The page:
CompareMaster (CoMa) is an application for comparing the contour descriptions, metrics, and hinting of glyphs in OpenType cff and PostScript Type1 fonts.
The program produces an extensive listing or a more compact summary as a generic text ﬁle. Also it is possible to generate plot files in the PostScript format. This way different fonts, different versions of the same fonts, and different formats of fonts can be compared.
CoMa provides the opportunity to compare adaptations with their origins. This is not only useful for type designers and font producers, but for instance also for design agencies and printers that want to exclude incompatibility between different versions of fonts.
Output options include PostScript plot ﬁles and extensive or summarized listings in text format.
CompareMaster is available for macOS, Windows, and Linux. Free ‘Light’ versions can be downloaded from the ‘Test/demo’ page on this site.
LetterModeller (LeMo) is a ﬁrst step towards the automation of type design processes. The application is developed by Dr. Frank E. Blokland, Dr. Jürgen Willrodt, Hartmut Schwarz, and Axel Stoltenberg with the exploration and parameterisation of (certain parts of) type design processes in mind. The application is partly the result of Frank E. Blokland’s PhD research at Leiden University on the (effects of) systematization, standardization, and unitization in the Renaissance font production.
LeMo is part of Blokland’s educational program and based on his expertise as Senior Lecturer type design at the Royal Academy of Art in The Hague since 1987, and as Research Fellow at the Plantin Institute of Typography in Antwerp since 1995. The models generated with LeMo can be used as a direct basis for type design, or supplementary to writing with a broad nib and ﬂat brush.
The current version of LeMo can be used to explore and modify the structure of roman type, by applying a set of parameters. The generated glyphs can be edited using the internal glyph editor and the outcomes can be exported in the be (proprietary cubic Bézier) and ufo formats, and as –currently unhinted– cff– and TrueType-ﬂavoured OpenType fonts.
LeMo V5 preferably requires a large screen and this implies that the display of the many functions is not really optimized for laptops. Hence, when you work with for instance a MacBook it is advised to resize the icons to make every function accessible on the screen. For hinting it is recommended to use the auto-hinter in the afdko for cff-ﬂavored fonts and ttfautohint for TrueType-ﬂavored fonts.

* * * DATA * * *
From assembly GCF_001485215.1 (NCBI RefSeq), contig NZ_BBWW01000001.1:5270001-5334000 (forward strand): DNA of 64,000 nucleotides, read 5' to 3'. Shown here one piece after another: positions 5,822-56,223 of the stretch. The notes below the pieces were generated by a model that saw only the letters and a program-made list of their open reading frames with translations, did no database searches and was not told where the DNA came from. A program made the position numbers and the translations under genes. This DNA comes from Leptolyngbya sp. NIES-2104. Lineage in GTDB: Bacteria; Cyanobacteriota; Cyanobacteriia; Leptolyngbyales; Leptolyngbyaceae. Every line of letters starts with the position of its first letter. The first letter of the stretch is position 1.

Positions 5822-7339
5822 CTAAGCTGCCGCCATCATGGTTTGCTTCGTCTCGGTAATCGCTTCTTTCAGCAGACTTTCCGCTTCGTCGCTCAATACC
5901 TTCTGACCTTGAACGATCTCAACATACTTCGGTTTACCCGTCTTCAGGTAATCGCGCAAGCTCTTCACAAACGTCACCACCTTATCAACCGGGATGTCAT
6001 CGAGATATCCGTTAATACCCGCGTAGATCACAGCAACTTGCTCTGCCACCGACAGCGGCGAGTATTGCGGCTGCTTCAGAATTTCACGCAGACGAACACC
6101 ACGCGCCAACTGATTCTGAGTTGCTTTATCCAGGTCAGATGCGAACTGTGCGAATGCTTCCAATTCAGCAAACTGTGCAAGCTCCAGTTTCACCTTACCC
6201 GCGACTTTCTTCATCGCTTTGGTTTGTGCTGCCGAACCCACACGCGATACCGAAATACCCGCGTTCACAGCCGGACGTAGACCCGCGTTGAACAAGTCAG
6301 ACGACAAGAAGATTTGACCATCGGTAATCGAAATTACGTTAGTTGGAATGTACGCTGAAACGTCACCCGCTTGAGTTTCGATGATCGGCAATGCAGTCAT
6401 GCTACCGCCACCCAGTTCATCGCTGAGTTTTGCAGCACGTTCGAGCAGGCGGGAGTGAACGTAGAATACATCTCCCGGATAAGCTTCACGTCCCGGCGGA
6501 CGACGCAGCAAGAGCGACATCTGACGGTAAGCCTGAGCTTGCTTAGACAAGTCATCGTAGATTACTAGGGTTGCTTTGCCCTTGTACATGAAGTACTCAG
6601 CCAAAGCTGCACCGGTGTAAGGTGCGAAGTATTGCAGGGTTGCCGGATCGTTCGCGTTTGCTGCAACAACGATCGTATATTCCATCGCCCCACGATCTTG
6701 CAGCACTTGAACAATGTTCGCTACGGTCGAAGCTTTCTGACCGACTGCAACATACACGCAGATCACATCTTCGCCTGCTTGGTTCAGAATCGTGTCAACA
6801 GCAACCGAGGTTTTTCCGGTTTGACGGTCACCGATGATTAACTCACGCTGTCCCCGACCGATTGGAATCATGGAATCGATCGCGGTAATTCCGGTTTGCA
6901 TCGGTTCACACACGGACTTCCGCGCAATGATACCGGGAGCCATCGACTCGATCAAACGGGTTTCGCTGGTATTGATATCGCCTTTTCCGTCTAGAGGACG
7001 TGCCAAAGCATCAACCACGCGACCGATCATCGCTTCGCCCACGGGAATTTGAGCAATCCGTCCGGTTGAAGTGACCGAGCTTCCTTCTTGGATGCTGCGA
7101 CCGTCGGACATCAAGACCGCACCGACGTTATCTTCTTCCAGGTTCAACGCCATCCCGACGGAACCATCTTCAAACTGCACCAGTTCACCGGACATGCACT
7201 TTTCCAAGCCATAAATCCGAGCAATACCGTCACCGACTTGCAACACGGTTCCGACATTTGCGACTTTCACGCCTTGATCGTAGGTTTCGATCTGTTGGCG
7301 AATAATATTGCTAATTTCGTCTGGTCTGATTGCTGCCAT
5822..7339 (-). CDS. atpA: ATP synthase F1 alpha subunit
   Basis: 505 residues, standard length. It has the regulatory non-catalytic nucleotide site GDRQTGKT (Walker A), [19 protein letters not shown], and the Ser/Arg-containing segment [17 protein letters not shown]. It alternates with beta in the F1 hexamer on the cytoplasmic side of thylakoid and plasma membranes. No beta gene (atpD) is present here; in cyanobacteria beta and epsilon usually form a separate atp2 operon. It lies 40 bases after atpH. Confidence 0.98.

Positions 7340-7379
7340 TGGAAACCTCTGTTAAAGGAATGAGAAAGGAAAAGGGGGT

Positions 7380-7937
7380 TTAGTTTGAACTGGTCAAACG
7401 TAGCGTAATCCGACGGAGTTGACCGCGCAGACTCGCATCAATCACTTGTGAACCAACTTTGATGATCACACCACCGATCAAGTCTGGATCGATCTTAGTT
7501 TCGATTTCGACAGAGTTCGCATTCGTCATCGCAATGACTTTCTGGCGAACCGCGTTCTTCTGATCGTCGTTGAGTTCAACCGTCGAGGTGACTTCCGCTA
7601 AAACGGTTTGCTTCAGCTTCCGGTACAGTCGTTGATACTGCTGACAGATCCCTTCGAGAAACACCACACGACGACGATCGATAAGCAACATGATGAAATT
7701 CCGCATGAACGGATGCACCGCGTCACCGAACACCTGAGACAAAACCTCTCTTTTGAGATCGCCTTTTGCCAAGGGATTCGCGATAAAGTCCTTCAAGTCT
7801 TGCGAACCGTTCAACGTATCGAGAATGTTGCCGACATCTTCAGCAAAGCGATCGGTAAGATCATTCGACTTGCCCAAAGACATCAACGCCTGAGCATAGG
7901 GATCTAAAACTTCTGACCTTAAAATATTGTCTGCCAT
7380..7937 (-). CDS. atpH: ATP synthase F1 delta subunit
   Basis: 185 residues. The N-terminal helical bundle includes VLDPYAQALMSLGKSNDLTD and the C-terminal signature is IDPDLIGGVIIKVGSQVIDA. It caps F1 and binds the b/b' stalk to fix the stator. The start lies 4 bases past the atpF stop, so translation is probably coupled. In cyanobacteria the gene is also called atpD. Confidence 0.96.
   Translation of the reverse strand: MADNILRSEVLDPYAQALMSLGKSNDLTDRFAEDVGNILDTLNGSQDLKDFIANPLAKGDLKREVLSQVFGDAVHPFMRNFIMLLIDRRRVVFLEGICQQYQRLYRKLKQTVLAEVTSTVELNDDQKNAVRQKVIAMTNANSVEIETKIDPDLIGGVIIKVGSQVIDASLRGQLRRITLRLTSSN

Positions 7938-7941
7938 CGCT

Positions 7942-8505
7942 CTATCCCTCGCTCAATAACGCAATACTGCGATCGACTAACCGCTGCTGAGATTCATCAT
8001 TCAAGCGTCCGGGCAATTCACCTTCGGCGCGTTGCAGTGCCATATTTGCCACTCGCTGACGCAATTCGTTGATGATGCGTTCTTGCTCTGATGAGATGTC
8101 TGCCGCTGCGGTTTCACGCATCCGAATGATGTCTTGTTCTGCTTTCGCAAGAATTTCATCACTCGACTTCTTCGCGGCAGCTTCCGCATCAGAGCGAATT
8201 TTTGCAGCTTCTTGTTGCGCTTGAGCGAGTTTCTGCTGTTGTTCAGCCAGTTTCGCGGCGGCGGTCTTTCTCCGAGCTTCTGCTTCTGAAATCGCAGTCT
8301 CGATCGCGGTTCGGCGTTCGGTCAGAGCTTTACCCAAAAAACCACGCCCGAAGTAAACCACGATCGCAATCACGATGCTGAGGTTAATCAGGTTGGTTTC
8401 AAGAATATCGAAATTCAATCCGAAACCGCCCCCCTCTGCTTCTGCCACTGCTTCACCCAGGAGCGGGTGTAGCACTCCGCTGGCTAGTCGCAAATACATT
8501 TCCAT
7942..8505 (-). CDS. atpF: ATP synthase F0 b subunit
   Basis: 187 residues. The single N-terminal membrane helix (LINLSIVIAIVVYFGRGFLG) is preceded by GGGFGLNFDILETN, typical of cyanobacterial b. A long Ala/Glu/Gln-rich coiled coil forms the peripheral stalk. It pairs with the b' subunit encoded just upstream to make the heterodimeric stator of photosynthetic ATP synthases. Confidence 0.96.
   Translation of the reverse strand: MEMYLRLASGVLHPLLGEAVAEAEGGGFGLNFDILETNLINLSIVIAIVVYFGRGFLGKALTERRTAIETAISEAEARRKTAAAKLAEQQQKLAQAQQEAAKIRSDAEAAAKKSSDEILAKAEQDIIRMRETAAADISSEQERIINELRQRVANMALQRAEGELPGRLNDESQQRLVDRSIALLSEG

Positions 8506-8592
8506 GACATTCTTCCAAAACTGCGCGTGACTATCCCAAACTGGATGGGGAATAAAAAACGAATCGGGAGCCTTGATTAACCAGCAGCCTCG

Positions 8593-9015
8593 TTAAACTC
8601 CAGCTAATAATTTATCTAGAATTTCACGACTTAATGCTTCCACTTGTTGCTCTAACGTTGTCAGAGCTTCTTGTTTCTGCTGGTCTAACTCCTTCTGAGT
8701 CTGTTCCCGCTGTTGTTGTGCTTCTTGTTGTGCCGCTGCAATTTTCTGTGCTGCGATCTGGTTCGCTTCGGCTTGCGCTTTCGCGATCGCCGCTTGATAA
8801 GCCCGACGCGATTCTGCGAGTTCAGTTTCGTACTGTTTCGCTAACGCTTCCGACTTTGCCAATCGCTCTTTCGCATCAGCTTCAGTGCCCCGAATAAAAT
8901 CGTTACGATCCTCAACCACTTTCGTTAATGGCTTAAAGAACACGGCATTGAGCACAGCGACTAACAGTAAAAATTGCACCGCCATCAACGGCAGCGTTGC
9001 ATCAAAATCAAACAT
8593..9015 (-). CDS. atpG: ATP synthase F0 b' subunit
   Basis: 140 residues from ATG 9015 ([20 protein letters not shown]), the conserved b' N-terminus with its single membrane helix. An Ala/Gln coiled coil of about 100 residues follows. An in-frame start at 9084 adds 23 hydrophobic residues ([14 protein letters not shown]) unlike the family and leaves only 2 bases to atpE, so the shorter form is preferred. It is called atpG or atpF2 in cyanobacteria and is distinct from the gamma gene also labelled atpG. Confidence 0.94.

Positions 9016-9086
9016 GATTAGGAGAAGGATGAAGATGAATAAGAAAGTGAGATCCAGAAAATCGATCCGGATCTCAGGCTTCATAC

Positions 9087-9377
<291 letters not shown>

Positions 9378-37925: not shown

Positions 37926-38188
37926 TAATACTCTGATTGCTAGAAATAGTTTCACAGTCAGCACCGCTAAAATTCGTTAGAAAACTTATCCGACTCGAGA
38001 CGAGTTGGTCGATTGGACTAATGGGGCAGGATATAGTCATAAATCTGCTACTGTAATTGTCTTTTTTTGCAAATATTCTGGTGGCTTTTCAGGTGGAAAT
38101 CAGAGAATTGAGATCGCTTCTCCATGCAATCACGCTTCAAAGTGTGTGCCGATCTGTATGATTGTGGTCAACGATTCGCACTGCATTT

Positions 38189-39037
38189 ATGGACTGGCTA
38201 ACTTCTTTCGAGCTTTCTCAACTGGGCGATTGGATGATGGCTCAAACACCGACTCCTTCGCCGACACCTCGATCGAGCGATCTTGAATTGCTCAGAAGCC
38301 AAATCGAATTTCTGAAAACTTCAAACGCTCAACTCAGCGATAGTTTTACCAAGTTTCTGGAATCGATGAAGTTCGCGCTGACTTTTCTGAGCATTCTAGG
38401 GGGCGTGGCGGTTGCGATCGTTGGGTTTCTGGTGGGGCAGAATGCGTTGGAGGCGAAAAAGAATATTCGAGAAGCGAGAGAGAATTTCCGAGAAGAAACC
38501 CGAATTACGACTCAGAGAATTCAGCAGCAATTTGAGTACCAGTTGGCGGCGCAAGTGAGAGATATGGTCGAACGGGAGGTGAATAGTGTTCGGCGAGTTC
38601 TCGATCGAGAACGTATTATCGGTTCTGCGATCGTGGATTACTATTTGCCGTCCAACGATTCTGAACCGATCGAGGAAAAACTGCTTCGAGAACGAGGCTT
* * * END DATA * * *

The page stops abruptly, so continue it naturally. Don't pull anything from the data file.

LetterModeller is available for macOS, Windows, and Linux and can be downloaded for free from the ‘Test/demo’ page on this site.
LetterModeller is very suitable to explore the basics of type design. Writing with a broad nib is a good starting point for exploring matters like construction, contrast sort, contrast ﬂow, and contrast. However, translating handwriting into type is not very straightforward, especially when it comes to solidly rhythmically patterned type.
There is not much discussion possible about the fact that written letters were initially standardized and eventually formalized by the Renaissance invention of movable type. However, there is no known Humanistic handwriting predating movable type that shows such a clear standardization as roman type. From my measurements of Renaissance prints, punches, matrices, and type –as part of Blokland’s PhD research at Leiden University– one can conclude that the standardization and systematization of matters such as character widths, were prerequisites for the Renaissance type production. After all, proportions and details of letters were adapted to this standardization and systematization.
More information on the LeMo Method can be found here.